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Thread: How many of you were taught (in LF) ?

  1. #41
    Maris Rusis's Avatar
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    Re: How many of you were taught (in LF) ?

    The only LF lesson I ever got was the care, cultivation, and operation of the 4x5 Grafmatic 6 shot magazine. I didn't have a clue how to work it so I made an appointment with an old photographer still operating out of his upstairs studio on the main street. He grabbed the Grafmatic, opened it, checked all six septums for straightness, reloaded it, and cycled through all six in under a minute. It was a wonderful blur of hands that took me a half hour of careful instruction to repeat...very slowly.
    Photography:first utterance. Sir John Herschel, 14 March 1839 at the Royal Society. "...Photography or the application of the Chemical rays of light to the purpose of pictorial representation,..".

  2. #42
    Les
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    Re: How many of you were taught (in LF) ?

    Way back in 1974 I received some LF instructions, but not much stuck to me. Our instructor was more interested in working with an adv. agency and pretty much left us to our own devices....I think I saw him twice during the semester at the univ. Well, that was pretty much previous life. I continued to use and have the passion for 35mm and sometimes MF, but on many occasions worked and helped several Brooks students - yes, I did live in Santa Barbara or the adjacent towns. Anyway, the tech stuff was pretty much transferable from the smaller gauge to LF, but there are many nuances to this and most of that I acquired from periodicals, pamphlets, books and plenty info here on these forums. Yet, we all know (am I presuming ?) that the artistic portion is also huge part of LF.

    Les

  3. #43

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    Re: How many of you were taught (in LF) ?

    Might as well chime in. When I was about 4 years old (in 1944) I would stay up late watching my father develop and print on our kitchen table - it was fascinating - neat red light, shades pulled down, small 6 x 4.5 sized enlarger clamped to the corner of the table (which I still have - not bad for a table my parents found in a 2nd hand shop for $1 in 1937.) I still have his camera too, a nice 1937 folding Zeiss Super Ikonta, which I still use quite a bit. But I digress. The process was fascinating and it wasn't long before I had my own camera, a 620 box Brownie. I must have been a major annoyance to the neighborhood - even the dogs and cats were probably tired of having their daily routines recorded for posterity.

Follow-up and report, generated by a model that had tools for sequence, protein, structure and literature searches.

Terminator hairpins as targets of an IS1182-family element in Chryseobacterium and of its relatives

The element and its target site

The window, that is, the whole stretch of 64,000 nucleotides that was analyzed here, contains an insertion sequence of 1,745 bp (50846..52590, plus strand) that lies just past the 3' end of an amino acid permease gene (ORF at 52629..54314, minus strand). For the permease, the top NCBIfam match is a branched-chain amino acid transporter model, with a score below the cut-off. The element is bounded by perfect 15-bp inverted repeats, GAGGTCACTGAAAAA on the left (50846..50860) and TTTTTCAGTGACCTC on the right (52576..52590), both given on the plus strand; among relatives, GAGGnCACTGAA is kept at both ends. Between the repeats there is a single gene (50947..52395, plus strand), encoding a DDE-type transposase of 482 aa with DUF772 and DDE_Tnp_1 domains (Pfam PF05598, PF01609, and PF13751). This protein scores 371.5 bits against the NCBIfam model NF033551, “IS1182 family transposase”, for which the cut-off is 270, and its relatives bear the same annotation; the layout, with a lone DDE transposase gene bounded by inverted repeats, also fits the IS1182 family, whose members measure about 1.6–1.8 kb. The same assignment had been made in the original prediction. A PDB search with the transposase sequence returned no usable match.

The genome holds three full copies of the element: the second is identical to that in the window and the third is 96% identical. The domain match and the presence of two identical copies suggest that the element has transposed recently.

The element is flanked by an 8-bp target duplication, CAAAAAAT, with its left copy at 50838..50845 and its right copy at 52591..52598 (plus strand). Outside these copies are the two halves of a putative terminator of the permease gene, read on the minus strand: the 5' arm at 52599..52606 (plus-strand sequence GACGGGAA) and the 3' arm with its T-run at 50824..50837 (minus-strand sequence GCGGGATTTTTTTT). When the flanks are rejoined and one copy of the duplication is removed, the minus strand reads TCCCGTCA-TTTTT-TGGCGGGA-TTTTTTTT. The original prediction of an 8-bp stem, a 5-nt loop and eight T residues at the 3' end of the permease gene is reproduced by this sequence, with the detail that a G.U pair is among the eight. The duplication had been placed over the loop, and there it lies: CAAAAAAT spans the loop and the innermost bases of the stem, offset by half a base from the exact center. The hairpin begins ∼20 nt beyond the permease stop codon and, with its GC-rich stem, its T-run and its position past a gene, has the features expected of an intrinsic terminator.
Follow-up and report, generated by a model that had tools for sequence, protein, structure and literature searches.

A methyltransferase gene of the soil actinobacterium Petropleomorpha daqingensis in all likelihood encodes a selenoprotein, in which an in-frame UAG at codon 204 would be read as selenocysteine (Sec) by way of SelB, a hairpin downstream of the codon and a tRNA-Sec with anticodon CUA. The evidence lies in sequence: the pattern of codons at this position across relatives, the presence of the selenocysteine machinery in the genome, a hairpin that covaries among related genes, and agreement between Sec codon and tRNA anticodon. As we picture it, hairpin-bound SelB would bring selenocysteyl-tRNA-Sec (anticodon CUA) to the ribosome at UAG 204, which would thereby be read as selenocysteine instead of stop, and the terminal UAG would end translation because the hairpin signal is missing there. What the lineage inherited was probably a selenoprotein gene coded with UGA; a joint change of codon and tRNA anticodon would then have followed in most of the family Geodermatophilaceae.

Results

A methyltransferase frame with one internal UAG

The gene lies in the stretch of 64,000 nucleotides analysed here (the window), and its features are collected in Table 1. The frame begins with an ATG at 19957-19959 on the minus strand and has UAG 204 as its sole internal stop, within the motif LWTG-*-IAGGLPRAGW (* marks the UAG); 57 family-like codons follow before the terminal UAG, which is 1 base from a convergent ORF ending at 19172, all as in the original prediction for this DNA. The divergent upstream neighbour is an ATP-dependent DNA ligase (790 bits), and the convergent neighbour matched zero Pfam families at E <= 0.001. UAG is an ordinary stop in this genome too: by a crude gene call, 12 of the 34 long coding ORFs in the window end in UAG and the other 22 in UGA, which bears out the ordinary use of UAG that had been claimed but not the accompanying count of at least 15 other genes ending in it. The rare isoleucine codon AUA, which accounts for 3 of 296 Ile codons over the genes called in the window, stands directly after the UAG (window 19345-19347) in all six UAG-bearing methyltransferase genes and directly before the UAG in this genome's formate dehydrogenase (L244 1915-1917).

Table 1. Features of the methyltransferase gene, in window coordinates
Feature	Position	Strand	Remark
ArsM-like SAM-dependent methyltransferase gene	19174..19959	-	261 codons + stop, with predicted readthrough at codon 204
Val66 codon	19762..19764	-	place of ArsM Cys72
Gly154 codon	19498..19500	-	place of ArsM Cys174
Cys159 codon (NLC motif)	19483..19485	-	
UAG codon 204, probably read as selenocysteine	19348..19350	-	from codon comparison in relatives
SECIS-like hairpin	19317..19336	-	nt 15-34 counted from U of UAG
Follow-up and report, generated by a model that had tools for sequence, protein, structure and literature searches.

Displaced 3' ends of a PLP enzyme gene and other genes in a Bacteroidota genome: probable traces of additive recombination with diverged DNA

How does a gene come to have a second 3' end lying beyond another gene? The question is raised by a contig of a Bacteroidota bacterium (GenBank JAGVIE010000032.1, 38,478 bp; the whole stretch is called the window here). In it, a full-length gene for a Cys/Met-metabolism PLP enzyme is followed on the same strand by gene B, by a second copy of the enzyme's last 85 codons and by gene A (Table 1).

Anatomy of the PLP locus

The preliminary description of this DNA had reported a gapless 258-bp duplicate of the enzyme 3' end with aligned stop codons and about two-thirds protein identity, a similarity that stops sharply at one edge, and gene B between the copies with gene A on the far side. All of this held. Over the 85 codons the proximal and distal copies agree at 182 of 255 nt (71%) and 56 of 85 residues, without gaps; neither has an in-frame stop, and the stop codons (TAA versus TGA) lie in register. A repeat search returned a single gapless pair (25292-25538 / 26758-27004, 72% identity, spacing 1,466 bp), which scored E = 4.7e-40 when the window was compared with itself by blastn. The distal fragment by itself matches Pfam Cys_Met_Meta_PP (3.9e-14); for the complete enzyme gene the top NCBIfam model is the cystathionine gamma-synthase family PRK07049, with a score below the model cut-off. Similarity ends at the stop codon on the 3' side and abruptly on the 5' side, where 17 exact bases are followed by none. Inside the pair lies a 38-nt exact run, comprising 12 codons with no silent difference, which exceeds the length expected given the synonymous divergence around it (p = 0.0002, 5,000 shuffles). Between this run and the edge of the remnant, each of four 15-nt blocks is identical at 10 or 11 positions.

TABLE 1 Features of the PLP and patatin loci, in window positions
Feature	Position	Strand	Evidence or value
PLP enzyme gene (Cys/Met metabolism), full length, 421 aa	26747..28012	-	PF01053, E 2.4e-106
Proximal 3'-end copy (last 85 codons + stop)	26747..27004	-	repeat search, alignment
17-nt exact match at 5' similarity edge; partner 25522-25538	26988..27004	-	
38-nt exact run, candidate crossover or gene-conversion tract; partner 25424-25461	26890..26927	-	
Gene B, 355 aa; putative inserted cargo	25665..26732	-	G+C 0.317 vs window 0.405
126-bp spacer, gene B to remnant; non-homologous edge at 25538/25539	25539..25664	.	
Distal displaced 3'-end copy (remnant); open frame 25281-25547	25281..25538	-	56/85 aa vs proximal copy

Kind of fast forward 20 years or so and I moved up, photographically speaking and bought a pair of Nikon F's (which i also still have and use) and somehow wound up in an evening class taught by Minor White at MIT. That's where the LF bug bit, and around 1970 I bought a new 5 x 7 Linhof Kardan Bi. A couple of years later I dragged it to Yosemite for one of the AA workshops. At the time he'd make a 16 x 20 print of anything for as I recall $325. I didn't buy any of course, although I did buy a bunch of the small signed "special edition" prints for $15. And I bought several nice 11 x 14 prints from Brett Weston who was with us at the workshop for a day or two. What really stuck in my mind though were some of the simple "Notan" exercises taught by Dorr Bothwell in which we'd play around arranging various cut out shapes of black paper on a white background.

    I remember taking a couple of courses in street photography at Mass College of Art, and a workshop in photo composites with Jerry Uelsmann, as well as several courses in photographic silk screen printing. Took a few other workshops in large format as well here and there. And just last year I took a workshop with Mark Nelson on his Precision Digital Negative system.

    These days I'm still into 5 x 7 and even digital, And I've been doing quite a bit of Computer Generated Imaging in which I've been combining photos and videos with generated images and animations using a suite of the same software packages that the folks in Hollywood use for fluid simulations and special effects. No formal training in the CGI stuff, but having been a computer nerd since 1959 I've been able to pick up on most of it on my own.